Disbandment and legacy
Following the end of the war the 2/5th remained in New Guinea until 1 December 1945 when they embarked on the voyage back to Australia. They were disbanded in early February 1946 while at Puckapunyal in Victoria. In 1948, the Citizens Military Force was re-constituted and the 5th Battalion, Victorian Scottish Regiment was re-raised. At the time many of its members were drawn from the 2/5th Battalion and because of its territorial and personnel links it was decided that the Victorian Scottish Regiment would take custody of the 2/5th Battalion's World War II battle honours. Following the reorganisation of the Australian Army since the 1960s which saw the disbandment of the regionally-based single battalion regiments and the raising of new multi-battlaion state-based regiments these battle honours are now perpetuated by the 5th/6th Battalion, Royal Victoria Regiment, an Australian Army Reserve battalion based around Melbourne, Australia.
- World War II: North Africa, Bardia 1941, Capture of Tobruk, Syria 1941, Merjayun, Damour, Greece 1941, South-West Pacific 1942–1945, Wau, Bobdubi II, Mubo II, Mount Tambu, Komiatum, Liberation of Australian New Guinea, Perimbil, Balif, Yamil–Ulupu, Kaboibus–Kiarivu.
- Lieutenant Colonel Thomas Page Cook;
- Lieutenant Colonel Hugh Wrigley;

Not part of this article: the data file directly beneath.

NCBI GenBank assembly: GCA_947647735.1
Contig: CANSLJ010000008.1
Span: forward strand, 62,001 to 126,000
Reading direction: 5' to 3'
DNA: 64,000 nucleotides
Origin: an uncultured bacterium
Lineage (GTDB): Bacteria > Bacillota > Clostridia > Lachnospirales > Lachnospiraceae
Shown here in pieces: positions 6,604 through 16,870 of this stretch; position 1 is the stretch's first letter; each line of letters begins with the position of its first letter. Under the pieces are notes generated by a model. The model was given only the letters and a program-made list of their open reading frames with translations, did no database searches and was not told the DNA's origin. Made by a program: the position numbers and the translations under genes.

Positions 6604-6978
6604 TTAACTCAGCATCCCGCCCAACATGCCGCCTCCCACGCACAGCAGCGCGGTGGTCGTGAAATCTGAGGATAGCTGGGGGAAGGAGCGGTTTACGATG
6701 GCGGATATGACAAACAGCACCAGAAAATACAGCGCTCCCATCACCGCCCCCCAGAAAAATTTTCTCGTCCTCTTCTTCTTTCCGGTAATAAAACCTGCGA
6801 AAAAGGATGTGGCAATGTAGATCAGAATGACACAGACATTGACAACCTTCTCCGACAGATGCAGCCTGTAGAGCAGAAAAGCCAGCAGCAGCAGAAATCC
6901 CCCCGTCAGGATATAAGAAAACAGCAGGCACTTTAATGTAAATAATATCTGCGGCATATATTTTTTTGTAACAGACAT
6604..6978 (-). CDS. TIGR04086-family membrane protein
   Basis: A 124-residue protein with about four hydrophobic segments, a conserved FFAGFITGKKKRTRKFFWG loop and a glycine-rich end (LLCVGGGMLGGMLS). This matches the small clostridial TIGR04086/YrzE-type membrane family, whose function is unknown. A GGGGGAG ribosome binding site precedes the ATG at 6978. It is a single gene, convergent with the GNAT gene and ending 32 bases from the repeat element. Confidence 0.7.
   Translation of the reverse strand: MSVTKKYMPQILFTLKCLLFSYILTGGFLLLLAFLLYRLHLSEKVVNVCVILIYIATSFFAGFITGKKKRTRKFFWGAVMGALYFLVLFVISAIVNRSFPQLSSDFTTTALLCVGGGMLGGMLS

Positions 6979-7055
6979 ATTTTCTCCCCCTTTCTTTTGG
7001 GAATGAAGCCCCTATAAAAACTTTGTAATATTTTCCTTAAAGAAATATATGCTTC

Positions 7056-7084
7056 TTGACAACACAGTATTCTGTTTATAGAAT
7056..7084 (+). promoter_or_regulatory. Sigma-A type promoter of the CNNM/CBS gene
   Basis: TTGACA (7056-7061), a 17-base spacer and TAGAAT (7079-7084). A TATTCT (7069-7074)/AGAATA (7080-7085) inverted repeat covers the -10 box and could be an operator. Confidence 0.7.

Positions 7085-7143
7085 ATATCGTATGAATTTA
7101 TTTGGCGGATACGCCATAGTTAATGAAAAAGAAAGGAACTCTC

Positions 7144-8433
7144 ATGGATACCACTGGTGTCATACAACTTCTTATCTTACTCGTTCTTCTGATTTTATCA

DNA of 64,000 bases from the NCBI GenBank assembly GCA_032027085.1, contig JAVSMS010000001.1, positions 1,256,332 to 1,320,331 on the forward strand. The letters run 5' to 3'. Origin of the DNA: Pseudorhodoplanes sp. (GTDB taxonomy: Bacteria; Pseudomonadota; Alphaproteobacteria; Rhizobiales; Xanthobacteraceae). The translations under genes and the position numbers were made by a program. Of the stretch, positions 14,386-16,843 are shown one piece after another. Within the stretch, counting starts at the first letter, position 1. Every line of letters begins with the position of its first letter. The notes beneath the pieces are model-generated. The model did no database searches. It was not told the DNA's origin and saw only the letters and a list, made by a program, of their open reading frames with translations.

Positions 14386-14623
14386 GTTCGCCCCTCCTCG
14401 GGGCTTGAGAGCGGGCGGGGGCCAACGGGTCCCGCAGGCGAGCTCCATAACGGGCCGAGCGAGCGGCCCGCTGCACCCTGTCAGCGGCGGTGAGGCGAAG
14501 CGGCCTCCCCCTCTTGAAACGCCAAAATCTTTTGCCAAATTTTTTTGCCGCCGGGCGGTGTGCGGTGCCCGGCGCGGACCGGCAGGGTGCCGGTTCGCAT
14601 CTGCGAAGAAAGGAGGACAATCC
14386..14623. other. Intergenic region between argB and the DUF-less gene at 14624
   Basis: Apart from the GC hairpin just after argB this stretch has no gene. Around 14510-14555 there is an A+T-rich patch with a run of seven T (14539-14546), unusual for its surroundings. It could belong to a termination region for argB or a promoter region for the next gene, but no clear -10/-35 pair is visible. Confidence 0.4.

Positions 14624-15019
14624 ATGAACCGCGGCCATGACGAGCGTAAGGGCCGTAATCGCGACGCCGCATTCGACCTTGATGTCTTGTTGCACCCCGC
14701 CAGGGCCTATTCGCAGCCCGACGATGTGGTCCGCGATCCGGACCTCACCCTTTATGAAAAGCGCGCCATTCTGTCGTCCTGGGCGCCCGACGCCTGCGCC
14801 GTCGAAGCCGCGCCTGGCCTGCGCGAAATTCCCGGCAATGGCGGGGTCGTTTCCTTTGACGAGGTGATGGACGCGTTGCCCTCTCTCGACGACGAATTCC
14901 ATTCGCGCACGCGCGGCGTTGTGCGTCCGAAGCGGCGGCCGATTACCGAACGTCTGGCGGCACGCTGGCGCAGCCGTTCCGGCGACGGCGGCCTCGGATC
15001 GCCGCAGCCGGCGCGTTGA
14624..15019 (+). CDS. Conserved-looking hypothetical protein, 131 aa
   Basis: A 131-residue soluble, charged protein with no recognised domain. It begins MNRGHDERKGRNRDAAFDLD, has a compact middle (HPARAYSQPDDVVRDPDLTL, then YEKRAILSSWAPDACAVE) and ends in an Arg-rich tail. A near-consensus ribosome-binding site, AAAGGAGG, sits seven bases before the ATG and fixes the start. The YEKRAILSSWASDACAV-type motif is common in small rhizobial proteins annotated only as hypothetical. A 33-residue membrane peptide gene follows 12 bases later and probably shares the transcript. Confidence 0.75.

- Lieutenant Colonel Roy King;
- Lieutenant Colonel Frederick George Wood;
- Lieutenant Colonel Patrick Daniel Sarsfield Starr;
- Lieutenant Colonel Alfred William Buttrose;
- Lieutenant Colonel Thomas Mayo Conroy.
- 216 killed, 390 wounded.
- The only other Australian infantry battalion to do this was the 2/3rd Battalion.
- Grey 2008, p. 146.
- "2/5th Battalion". Seond World War, 1939–1945 units. Australian War Memorial. Archived from the original on 1 August 2009. Retrieved 23 April 2009.
- Harris, Ted. "History of the Victorian Scottish Regiment". Digger History. Archived from the original on 5 August 2009. Retrieved 9 May 2009.
- Long 1963, pp. 271–281.
- Long 1963, p. 385.
- Grey 2008, p. 228.
- Harris, Ted. "Royal Victoria Regiment: A Full History". Digger History. Archived from the original on 5 August 2009. Retrieved 2 August 2009.
- Grey, Jeffrey (2008). A Military History of Australia (3rd ed.). Melbourne, Victoria: Cambridge University Press. ISBN 978-0-521-69791-0.
- Johnston, Mark (2008). The Proud 6th: An Illustrated History of the 6th Australian Division 1939–46. Cambridge: Cambridge University Press. ISBN 978-0-521-51411-8.
- Long, Gavin (1963). The Final Campaigns. Australia in the War of 1939–1945 Official History Series. Series 1 – Army. Volume VII. Canberra, Australian Capital Territory: Australian War Memorial. Archived from the original on 9 March 2009. Retrieved 2009-02-19.
- Trigellis–Smith, Syd (1988). All the King's Enemies: A History of the 2/5th Australian Infantry Battalion. Ringwood East, Victoria: 2/5 Battalion Association. ISBN 9780731610204.